Since this only occurs once at startup and users are accustomed to programs loading, Option 1 makes more sense. Could you have this information load with the program and extend the splash screen loading time so that the program loads with the information ready?
To answer your title question, the user should not be allowed to manipulate a list before it is ...
Considering left-to-right mentality, I think, the difference is this:
If it’s to the left, the user will read it as “we’re working, and here’s why...” - they’ll “read” the indicator first and then, if confused or interested, the description for it that will clarify what’s happening.
If it’s to the right, the user will read it as “we’re doing this and this,...
If it is close to 10secs or above then yes an indication of what is being loaded and how much is the progress should be added (source)
Anything slower than 10 seconds needs a percent-done indicator as well as a clearly signposted way for the user to interrupt the operation.
Nowadays a spinning circle is a good enough indicator of loading.
However it might be a good idea to preload some data for the map, rather than leaving it an empty rectangle. This way people can also see what is loading.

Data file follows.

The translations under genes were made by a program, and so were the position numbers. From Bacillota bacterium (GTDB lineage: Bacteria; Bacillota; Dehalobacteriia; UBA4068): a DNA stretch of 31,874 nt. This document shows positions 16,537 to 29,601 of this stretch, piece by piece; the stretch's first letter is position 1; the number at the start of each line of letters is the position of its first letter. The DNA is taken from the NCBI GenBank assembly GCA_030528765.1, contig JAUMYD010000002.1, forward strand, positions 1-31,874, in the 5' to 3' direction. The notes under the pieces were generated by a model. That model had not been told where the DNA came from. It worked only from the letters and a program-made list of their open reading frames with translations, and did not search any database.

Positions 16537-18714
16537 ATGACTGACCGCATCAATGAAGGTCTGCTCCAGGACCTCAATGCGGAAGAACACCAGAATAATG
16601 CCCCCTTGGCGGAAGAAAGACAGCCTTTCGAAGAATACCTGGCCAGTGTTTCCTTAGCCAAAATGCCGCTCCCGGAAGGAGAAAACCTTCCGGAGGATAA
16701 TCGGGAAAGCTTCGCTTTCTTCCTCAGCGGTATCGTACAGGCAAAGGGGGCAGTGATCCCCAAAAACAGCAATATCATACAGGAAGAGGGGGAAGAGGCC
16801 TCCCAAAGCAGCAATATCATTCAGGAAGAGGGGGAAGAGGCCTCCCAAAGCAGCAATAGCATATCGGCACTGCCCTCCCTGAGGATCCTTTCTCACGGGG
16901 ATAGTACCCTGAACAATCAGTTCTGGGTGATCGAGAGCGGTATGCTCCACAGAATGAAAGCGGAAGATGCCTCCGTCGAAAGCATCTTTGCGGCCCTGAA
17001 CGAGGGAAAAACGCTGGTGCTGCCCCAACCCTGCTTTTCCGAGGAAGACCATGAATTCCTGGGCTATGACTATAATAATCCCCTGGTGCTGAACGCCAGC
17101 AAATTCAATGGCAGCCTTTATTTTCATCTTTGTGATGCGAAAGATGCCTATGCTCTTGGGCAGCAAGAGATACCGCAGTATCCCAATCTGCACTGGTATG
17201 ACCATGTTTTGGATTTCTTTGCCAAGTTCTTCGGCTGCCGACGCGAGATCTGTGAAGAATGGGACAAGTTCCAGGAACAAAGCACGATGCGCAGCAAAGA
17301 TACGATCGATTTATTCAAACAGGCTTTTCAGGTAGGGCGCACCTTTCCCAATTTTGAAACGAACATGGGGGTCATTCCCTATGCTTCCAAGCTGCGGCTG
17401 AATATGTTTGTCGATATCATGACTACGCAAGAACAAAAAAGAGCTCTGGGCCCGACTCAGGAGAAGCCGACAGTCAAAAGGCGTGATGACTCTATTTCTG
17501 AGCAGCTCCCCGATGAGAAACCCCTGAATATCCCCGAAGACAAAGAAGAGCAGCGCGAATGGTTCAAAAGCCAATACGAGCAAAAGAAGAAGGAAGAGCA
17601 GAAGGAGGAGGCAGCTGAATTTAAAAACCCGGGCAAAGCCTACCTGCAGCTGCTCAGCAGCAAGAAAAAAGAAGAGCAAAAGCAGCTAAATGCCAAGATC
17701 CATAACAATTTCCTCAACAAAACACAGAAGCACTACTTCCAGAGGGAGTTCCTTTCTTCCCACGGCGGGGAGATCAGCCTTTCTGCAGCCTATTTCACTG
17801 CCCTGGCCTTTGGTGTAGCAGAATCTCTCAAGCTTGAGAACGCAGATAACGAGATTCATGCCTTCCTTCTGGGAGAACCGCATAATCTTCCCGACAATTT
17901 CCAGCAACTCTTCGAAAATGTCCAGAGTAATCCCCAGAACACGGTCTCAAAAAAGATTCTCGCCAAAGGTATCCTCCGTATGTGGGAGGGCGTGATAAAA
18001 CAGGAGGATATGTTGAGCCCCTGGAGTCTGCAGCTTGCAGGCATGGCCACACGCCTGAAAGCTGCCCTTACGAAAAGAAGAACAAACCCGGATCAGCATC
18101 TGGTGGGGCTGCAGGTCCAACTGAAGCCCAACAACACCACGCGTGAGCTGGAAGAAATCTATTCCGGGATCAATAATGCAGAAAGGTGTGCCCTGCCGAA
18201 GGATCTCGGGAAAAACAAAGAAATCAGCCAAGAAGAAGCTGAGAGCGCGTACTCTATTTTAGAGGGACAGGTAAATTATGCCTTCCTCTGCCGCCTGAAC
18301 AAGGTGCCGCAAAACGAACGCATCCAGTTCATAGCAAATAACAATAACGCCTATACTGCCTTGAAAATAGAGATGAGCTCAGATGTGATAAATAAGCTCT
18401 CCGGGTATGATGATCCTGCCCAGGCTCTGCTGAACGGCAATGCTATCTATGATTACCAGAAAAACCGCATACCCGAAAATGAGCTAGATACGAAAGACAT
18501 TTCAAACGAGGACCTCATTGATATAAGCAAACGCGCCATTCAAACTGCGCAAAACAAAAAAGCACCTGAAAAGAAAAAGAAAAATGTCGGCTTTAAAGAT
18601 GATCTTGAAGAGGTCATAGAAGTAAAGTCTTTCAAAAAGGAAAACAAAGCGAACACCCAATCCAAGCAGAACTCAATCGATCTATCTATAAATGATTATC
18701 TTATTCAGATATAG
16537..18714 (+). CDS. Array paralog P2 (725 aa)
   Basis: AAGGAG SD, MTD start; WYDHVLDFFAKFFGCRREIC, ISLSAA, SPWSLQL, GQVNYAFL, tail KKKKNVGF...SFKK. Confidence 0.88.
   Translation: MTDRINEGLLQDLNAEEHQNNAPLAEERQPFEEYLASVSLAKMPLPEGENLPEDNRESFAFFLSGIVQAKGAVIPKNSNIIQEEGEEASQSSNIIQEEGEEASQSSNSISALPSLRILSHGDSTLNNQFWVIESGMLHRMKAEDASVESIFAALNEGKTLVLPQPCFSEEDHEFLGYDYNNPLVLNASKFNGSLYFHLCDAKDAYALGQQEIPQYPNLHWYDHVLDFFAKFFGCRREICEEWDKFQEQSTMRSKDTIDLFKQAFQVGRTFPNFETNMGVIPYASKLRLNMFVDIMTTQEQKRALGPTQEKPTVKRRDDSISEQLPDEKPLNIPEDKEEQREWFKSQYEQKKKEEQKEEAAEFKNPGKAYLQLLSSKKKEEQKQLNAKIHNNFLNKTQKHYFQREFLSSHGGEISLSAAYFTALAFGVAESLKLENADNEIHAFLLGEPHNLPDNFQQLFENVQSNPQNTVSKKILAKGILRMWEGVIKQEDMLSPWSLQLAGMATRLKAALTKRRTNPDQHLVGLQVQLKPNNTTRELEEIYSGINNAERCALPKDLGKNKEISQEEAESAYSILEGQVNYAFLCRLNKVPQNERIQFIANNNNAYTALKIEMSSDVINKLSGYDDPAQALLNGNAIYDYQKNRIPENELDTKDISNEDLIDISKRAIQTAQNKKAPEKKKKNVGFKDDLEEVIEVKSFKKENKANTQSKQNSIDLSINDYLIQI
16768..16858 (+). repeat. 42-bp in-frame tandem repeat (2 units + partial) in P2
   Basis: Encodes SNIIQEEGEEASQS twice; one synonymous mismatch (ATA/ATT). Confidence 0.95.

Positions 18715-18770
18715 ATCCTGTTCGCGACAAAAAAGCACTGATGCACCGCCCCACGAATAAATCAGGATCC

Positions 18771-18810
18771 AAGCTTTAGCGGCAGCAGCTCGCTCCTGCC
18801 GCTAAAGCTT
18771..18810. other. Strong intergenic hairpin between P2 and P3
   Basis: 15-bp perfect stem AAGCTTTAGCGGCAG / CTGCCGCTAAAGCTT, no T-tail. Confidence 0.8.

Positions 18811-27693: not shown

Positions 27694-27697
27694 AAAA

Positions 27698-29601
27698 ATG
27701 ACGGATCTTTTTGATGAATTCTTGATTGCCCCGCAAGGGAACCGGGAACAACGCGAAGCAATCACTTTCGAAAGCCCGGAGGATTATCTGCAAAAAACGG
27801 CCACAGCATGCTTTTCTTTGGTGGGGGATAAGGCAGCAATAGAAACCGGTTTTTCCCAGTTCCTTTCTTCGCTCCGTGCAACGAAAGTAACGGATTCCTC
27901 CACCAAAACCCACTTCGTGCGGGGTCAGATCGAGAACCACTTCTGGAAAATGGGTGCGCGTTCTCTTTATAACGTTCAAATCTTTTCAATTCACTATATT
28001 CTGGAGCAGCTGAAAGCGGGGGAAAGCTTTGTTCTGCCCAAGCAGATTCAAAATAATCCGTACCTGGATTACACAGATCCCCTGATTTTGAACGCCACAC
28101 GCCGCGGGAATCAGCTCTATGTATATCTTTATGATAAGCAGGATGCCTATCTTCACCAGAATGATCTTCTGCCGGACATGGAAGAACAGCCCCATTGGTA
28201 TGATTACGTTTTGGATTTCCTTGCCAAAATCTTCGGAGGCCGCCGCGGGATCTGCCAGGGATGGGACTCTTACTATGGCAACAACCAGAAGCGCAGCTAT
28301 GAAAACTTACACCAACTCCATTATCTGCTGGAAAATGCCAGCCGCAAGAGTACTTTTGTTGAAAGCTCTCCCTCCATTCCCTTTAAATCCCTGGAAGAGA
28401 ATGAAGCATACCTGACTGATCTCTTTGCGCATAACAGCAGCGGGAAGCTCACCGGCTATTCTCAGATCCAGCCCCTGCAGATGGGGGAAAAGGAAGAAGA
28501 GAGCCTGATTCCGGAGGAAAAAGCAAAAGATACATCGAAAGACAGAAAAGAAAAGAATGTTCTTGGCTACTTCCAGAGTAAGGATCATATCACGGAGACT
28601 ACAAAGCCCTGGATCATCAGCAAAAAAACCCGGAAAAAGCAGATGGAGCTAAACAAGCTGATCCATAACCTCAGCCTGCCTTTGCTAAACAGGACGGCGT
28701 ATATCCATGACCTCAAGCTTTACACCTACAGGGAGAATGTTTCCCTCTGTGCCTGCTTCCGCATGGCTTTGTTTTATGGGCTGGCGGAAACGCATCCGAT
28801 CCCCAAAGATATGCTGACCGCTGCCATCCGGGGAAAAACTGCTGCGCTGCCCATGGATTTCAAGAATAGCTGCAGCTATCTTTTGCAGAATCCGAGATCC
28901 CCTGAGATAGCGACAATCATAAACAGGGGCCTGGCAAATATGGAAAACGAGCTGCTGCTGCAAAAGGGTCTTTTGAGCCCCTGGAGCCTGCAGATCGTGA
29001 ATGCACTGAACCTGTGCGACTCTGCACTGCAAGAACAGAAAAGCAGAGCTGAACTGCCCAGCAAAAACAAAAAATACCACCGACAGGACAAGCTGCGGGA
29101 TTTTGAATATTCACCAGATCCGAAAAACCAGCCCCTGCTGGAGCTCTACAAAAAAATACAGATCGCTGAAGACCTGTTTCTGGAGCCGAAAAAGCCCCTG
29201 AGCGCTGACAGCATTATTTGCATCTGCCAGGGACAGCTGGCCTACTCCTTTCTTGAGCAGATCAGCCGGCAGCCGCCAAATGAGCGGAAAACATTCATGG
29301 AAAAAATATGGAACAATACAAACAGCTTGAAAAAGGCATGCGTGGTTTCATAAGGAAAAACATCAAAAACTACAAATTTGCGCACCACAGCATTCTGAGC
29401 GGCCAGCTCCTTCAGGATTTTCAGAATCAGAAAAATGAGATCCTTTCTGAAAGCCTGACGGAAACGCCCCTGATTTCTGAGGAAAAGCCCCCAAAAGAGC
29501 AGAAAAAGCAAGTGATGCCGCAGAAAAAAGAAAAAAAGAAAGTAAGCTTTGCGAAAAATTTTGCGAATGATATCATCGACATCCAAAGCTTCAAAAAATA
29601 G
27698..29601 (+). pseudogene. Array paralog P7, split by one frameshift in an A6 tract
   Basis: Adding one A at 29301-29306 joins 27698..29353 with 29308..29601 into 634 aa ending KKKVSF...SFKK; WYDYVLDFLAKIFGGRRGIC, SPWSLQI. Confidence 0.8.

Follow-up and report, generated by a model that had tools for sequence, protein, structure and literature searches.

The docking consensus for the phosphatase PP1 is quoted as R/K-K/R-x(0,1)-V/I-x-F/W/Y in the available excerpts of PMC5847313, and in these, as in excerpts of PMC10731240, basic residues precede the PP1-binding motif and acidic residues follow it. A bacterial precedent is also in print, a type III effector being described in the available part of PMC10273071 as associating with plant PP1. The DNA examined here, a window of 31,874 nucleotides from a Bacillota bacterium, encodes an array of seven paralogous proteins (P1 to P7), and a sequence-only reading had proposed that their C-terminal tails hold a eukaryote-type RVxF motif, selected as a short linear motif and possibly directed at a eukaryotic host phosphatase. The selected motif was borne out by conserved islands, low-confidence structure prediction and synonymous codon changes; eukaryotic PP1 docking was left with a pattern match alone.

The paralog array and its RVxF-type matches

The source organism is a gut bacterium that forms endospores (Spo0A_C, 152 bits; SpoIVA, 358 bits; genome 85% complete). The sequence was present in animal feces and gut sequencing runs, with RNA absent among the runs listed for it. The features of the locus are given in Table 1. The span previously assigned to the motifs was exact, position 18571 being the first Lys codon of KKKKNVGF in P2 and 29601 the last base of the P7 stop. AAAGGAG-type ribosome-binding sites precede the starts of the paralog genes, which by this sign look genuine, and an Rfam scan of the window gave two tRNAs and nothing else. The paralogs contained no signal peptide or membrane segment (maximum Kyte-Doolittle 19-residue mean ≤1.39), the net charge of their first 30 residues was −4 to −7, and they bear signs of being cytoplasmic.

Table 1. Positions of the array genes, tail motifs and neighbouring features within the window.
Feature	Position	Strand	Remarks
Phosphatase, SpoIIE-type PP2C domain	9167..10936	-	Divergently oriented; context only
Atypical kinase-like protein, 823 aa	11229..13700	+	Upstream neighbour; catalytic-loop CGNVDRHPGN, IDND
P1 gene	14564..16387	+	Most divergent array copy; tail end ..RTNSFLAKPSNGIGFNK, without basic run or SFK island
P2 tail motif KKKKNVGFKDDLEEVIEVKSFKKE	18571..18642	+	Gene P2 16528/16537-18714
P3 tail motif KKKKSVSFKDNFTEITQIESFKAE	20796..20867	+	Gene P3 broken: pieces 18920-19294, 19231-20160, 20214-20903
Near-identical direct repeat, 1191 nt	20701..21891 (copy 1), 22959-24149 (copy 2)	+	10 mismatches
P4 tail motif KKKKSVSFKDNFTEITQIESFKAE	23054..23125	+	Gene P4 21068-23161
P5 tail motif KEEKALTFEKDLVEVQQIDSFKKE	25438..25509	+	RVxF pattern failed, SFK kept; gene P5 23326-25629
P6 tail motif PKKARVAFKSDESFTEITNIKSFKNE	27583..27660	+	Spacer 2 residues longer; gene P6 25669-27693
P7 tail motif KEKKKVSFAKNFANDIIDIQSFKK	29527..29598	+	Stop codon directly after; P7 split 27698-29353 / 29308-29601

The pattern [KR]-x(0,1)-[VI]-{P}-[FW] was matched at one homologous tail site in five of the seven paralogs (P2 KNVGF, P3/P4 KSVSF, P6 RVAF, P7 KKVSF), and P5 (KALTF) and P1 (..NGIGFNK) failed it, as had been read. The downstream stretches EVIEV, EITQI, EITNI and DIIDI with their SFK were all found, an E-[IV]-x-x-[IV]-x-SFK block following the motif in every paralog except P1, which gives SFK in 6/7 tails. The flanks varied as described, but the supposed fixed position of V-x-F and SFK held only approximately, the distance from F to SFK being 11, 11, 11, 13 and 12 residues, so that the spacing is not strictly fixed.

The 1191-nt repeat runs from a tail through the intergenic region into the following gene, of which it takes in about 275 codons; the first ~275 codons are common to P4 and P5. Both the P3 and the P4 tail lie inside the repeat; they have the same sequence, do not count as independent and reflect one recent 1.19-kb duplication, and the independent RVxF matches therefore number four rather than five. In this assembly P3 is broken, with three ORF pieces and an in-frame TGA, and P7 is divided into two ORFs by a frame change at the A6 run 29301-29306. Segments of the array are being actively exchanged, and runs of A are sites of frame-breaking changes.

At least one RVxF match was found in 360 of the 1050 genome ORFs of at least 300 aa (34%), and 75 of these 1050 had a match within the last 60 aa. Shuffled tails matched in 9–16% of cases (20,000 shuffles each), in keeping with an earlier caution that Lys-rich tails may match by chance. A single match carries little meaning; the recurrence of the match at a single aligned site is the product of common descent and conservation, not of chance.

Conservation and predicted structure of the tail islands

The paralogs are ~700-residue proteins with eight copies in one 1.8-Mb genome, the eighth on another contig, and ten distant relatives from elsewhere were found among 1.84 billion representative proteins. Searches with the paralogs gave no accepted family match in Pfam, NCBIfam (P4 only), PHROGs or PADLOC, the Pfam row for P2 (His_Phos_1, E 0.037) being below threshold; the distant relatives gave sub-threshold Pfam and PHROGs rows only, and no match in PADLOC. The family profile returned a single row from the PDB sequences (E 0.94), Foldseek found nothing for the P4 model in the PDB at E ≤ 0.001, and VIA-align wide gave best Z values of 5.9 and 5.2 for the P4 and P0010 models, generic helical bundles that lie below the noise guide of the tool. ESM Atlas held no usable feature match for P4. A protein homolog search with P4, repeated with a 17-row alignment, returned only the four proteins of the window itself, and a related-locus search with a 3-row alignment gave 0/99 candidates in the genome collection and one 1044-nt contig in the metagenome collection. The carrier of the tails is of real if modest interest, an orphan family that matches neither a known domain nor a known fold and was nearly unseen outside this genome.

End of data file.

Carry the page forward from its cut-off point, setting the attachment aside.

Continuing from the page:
The intent of a skeleton page is to shorten perceived loading time. If your filtering requires a re-loading of the page data, then, sure, it could make sense to use it there.
That said, and this is just my opinion so take it for what it is: I'm not convinced skeleton pages have much staying power to them in terms of them accomplishing what they were ...
Like exp mentioned in the other answer, both the approaches have different narratives that makes sense. Adding to that:
Visual designer can direct the flow of reading in a correct way. Though having an icon to the right may appear optically balanced, the reading flow will be broken because of the bold stroke, dark colored icon. Adding to it the animation ...
I would never change the mouse cursor.
IMHO, best UX is to disable the button as soon as it is clicked and change the button text to 'Please wait...'/ 'Loading...' .
Call it old fashioned, it works best for web as well as mobile layouts.
Changing the mouse cursor is not a good idea and is likely to confuse the user. The busy spinner is a consequence of an action taken by the user, so it must be shown in relationship with this action.
The spinner must be visible enough not to be missed by the user. If you only replace the text inside the button, or make the spinner appears within the button,...
As maxathousand suggest, you can improve the wait spinner by providing a progress message (or even a fake progress bar). My only addition to that suggestion is to use "Less than 1 minute" instead of "up to a minute." This suggestion comes from the book Designing and Engineering Time: The Psychology of Time Perception in Software, and you can find some tips ...
How to decide on a speed for the iteration of a loading spinner... ?
Experiment 1. Show users random pairs of spinner speeds. Have them choose their preferred speed of the two. Repeat.... Repeat... Repeat... Use the speed that appears to be most preferred.
Experiment 2. Randomize the speed of the spinner for different users. Monitor users to see if spinner ...